- Author: Lynn M. Sosnoskie
The importance of proper weed identification
Weeds are a problem in a variety of systems, from agronomic and horticultural crops, to orchards and vineyards, to turf and ornamentals, to rangelands, and to natural areas. The first step in developing a successful weed management program is to ensure that the unwanted vegetation has been identified correctly. Not all weeds respond equally well to all treatment measures. For example, broadleaf weeds will be managed by the auxinic herbicides (WSSA Group 4) whereas grasses will not. Mowing may be more effective at suppressing upright growing species as opposed to those that are more prostrate. Shallow cultivation may control annual weed species while missing deep-rooted perennials.
- A successful identification provides you with the knowledge that you need to develop a successful management plan
- Your strategy should based on the sensitivity of a target species to control measures
Weed identification books, phone applications and submitting samples
There are numerous tools available to help you identify weedy species, including guidebooks (Weeds of the West, ISBN-13:0-941570-13-4; Weeds of California and Other Western States, ISBN-13:978-1-879906-69-3) and phone applications (Pl@ntNet https://plantnet.org/en/; iNaturalist https://www.inaturalist.org/).
Local extension advisors can also help with the identification of troublesome species. Identifications can be made either from live specimens or from digital images. If submitting a fresh sample, collect several plants that are representative of the infestation. Collect as much of each individual plant as possible (including roots, flowers and seed pods). Place the samples in a sealed ziploc bag with a few damp paper towels and deliver (or ship) your specimens to your county office (the faster, the better, as fresh samples are easier to identify). Be sure to include your name and contact information, the location of where the weeds were collected (GPS coordinates, address, and description of the habitat (i.e. roadside, orchard, alfalfa field, etc)), as well as any other relevant information.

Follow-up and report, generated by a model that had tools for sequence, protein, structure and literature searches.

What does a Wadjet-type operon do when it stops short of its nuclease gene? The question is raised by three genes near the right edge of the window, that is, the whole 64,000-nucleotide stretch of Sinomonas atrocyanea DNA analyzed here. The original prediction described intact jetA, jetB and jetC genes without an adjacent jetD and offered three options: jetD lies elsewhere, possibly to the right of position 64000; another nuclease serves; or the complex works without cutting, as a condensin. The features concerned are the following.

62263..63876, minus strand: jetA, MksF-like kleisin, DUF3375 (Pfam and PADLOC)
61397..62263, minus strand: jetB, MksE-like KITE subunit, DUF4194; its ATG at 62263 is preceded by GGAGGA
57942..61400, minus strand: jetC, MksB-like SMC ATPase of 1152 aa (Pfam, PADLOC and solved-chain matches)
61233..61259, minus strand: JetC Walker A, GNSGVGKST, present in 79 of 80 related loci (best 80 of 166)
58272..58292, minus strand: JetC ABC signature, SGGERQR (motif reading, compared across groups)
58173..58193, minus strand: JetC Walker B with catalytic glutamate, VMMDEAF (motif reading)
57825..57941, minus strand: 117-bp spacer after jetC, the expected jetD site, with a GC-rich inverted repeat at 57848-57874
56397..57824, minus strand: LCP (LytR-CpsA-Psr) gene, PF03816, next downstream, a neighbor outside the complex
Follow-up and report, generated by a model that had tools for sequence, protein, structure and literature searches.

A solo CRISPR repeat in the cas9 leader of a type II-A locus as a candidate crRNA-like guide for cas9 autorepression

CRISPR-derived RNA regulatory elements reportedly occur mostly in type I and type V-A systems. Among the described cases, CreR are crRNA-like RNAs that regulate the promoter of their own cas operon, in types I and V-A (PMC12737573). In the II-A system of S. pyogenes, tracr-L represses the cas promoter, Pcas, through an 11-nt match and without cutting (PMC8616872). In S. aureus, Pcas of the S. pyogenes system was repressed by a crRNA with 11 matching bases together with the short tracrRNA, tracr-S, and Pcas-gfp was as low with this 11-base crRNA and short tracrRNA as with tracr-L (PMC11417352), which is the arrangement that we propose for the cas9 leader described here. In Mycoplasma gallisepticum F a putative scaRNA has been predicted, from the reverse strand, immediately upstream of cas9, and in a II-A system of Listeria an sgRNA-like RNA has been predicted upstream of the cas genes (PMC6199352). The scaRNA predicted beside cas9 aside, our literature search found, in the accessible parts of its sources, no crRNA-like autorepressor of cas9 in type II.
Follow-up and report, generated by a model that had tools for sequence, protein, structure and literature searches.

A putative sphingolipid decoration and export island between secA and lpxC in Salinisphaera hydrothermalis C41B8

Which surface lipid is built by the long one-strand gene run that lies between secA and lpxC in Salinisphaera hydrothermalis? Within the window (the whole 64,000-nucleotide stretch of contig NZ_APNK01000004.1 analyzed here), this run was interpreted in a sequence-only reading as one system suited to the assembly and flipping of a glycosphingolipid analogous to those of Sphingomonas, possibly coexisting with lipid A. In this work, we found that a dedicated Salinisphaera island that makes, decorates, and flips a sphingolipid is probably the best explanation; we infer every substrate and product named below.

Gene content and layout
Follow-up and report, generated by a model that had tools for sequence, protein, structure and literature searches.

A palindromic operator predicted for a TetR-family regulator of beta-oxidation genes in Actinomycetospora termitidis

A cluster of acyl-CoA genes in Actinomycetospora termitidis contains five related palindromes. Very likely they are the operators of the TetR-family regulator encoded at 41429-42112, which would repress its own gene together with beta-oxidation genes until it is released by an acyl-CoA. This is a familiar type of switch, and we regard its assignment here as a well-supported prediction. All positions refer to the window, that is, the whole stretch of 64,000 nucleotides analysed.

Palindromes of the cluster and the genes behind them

If emailing digital images, be sure to capture pictures of the plant's leaves, stems, flowers, roots, and seedpods, as well as a photo of the specimen in its environment. Try to remove excess vegetation from around the sample so that its growth habit is apparent. Take photos of any unique structures (such as spines) that could be a diagnostic tool. Include the same contact information (name, address, etc) as listed above in your message.
Remember, it can take several days to determine an ID and some specimens may require confirmation from additional sources, such as the staff at the UC Davis Herbarium.
Figure 1. Strategies to improve weed ID success using digital images.